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jetcat

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Posts posted by jetcat

  1. 15 minutes ago, Riedquat said:

    There are probably lots of passports that I don't think should've ever been given out, but once someone has one they're a British citizen as much as any other, and therefore it's no more right to take one off such a person than it is with someone who's had every ancestor for the last 2000 years here. All British citizens should be 100% equal; the only exception I can think of is if there was fraud in the application.

    There have been some controversial decisions to strip of citizenship, including for espionage. There's therefore currently two unequal classes of citizens, born and naturalized; the latter is far less secure. Also, if parents of a child born British are naturalized, the latter can still be in trouble should parents retain the second citizenship.

    Now, I think it's an absolutely wrong to strip people of citizenship on essentially a whim of Home Secretary as per current system, there's no definite list of offenses for which it can happen. On the other hand, I (a naturalized citizen) think it's wrong to allow keeping second citizenship while becoming British.

  2. 28 minutes ago, Dorkins said:

    So which one is it, do career politicians search for niches of voter beliefs to align themselves to or do they tell the masses what their beliefs should be?

    Both, of course. Or, if you want to be charitable to politicians, they start their career without firm values and beliefs and define, harden and eventually calcify in the process.

    Also, the cultural narrative that informs values and beliefs is not produced exclusively for political purposes, whatever says that neomarxist view that dominate modern social sciences.

  3. 24 minutes ago, IMHAL said:

    Jetcat view appears to be that democracy is all about 'controlling the masses' rather than the masses having some control (in a properly run system).

    Sorry for not being clear. It has little to do with "controlling the masses". Ideal modern government in mass societies would have been about setting up the incentive structures that promote peaceful cooperation within and resilience to destabilizing from without. Since we lack the all-knowing omnipotent deity to set it up, the imperfect evolved compromises between whoever has influence are used to define the structure. This is not to say that in sufficient numbers collective action will disrupt or re-negotiate the compromise.

    Representative democracy is one such compromise and the only structure that worked so far in mass society.

  4. 2 minutes ago, Dorkins said:

    Bit of a weird argument, I don't think it's the job of politicians to make people care about things. It's up to everybody to decide for themselves what their values are.

    In the age of mass politics, from 1890s till now this have indeed become the job of a career politician. It helps if politician's values align with the focus of their political messaging, but not strictly necessary. It is increasingly a matter of searching for niches through focus groups; probably a bit less so in the UK where it tends to happen at the party level.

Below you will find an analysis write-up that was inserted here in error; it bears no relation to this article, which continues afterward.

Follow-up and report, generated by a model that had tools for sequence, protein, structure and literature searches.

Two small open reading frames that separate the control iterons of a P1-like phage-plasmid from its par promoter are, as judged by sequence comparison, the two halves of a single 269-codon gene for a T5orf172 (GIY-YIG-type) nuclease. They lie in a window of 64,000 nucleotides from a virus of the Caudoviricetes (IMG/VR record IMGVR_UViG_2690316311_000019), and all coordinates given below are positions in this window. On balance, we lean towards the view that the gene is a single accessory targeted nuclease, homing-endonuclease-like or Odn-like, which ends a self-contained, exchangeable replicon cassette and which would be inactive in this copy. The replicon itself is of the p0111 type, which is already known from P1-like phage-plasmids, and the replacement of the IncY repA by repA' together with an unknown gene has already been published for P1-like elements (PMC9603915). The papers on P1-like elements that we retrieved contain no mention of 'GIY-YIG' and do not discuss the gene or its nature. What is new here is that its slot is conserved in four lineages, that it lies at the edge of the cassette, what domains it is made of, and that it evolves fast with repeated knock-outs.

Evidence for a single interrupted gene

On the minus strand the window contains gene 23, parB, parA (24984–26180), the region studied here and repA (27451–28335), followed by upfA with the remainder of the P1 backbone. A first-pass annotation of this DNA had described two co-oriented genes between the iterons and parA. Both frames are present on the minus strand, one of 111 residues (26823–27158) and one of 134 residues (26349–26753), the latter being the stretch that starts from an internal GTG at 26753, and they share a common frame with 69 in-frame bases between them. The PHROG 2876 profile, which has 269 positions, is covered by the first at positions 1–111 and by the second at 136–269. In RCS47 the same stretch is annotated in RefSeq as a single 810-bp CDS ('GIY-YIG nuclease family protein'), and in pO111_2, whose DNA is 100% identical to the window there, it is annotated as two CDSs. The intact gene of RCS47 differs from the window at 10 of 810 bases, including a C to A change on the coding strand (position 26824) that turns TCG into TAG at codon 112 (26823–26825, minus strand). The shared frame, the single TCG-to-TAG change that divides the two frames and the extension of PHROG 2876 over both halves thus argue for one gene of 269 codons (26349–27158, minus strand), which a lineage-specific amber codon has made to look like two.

5. 13 minutes ago, Dorkins said:

    Well if pro-WTO voters don't show up for elections then they shouldn't be too surprised if they don't get what they want. It's just like the pro-Remain youngsters who couldn't be bothered to vote in 2016.

    There's a fine balance to making people care but not care enough to blow themselves up, and elites used to be able to pull it off without mass communications and propaganda back in the days. I'd blame the whole thing on degrading average mental capacity past 1860s; obviously hits elites the hardest. 

  6. 2 hours ago, IMHAL said:

    Actually, it's about the intent of the process and the intent was that a majority outcome would occur. If the intent was to ensure that a real deliverable option has received a majority then the way the process was run was flawed. When you move Brexit from the hypothetical to a real deal then the Remain deal has the biggest majority. Clearly a travesty. 

    It is actually about supporting the facade of ordinary people being involved in political decision-making. Social order and cooperation are dependent on consent of the governed. Representative government and democratic participation were ways to keep social order and provide for peaceful transition of power from one group of elites to another.

    It is extremely dangerous to undermine the illusion. Once the consent is lost the only things that keeps society together are tradition and legal sanctioned violence, and we all see what happens with traditional institutes of social stability like family, local community and church.   

    Strangely, the same people most insistent on undermining the latter are also the ones chipping at the facade of democracy, as if the real intention is destroying social order.

  7. 2 hours ago, Dorkins said:

    I thought the 17.4m were absolutely furious about Brexit etc and yet only 9,801 people out of an electorate of 70,200 turned out to vote for the Brexit Party in a Westminster election (i.e. one that actually might have some effect on the Brexit process given that we have a hung Parliament).